Tell your kids about ME. Put these stones here, where they will see them. And when they ask: ‘what are these rocks? Why do we have this big pile of stones here?’ Then speak. Tell them of the day I parted the waters so you – all 40,000 of you – could be free. Could walk toward rest. Tell them the story of that day so that would know who their God is.
I read that story in Joshua this morning and I keep thinking about how terribly vulnerable it must feel to have a pile of rocks laying around that likely represent one of the most sacred days of your life. That anyone could see and ask about at any time.
I have these moments in my soul that I can see as clearly as if they happened yesterday. Moments when I was pulled back from the waters myself, when I was delivered in some miraculous way and time slowed down and I was as sure of God as I have ever been of any thing.
But those moments of deliverance aren’t all stories that I want to tell the neighbors kids. Ya know? They’re deeply personal. Precious in a way that precious doesn’t quite capture. Sacred.
So I feel this tension. I want these stories declared. I want them caught in a pile of stones by the door and I want to share them, I want them out of my soul and heard by some other ears so that when this brain and body give up they are not lost to the world, and the people inside my stories are not lost with me.
But at the same time, what is the place? Over dinner? Pass me the salt and also – let me tell you about the most vulnerable seconds I’ve lived? Let me hand you the bread-rolls and hey – here are some pieces of my soul?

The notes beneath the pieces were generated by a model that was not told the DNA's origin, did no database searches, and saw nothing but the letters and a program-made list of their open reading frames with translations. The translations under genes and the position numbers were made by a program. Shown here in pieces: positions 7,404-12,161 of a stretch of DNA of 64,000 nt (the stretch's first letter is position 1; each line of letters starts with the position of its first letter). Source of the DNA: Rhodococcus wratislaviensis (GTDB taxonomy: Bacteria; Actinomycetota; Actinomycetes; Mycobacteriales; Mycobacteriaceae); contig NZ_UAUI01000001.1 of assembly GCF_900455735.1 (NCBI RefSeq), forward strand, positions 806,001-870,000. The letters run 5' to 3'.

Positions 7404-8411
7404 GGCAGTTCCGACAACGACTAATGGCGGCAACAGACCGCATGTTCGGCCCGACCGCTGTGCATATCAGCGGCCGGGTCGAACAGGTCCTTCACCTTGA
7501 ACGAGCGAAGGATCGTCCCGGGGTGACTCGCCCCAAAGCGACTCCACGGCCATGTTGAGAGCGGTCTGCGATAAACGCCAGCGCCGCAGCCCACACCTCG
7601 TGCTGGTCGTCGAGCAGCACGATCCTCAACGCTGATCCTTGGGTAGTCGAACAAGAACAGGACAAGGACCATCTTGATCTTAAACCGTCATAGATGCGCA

I asked a friend this very question this morning. And she said to me that stories have different places to belong. Some stories are just for her. And some stories aren’t ready yet. Aren’t ready for the air to brush up against them. Aren’t firm enough to be handed off to another’s hands. And some stories – are for sharing with the right people – the people who have earned vulnerability not through their flawless record but through consistent authentic mutual relationship.
I think – when I’m honest – I have stories that are ready, but I’m not ready. I’m afraid to trust them into listeners. Afraid of their reactions, and how they might respond. What if they move on in the conversation, not understanding these moments and how essential they are to my standing here – on this side of the Jordan? What if they try to offer help or commentary, or try to re-shape my stories in their hands?
And there’s another thing – does anyone else get how terrible vulnerable it feels just to ask someone to listen? How…embarrassing(?) it feels – to lift my voice and say – I have a story.
And there’s a part of me that wants to pull up the drawbridge up as soon as anyone gets close to the story – as if someone is trying to barge inside my soul and steal the stories from me.
Stories have been stolen from me. And it is true that once your words hit the air you are entrusting your words to another. They get to steward the story now. They get to decide if they will listen or conclude, they get to decide if they will hand the parts of you off to someone else. You can’t control that.
But that’s what vulnerability is. Stories are for stewarding. And I’m never going to be responsible for how someone else stewards my stories. I’m only responsible for how I do. They are indeed one of the most precious gifts I’ve been given. And they must not be used as currency to buy attention or try to get needs met. And they must not be hoarded like dragon’s gold kept in a dark cave.
They are my stones. Placed carefully and lovingly, ready to be evidence of the day that the God of us all lead me through the thing I didn’t think I’d make it through.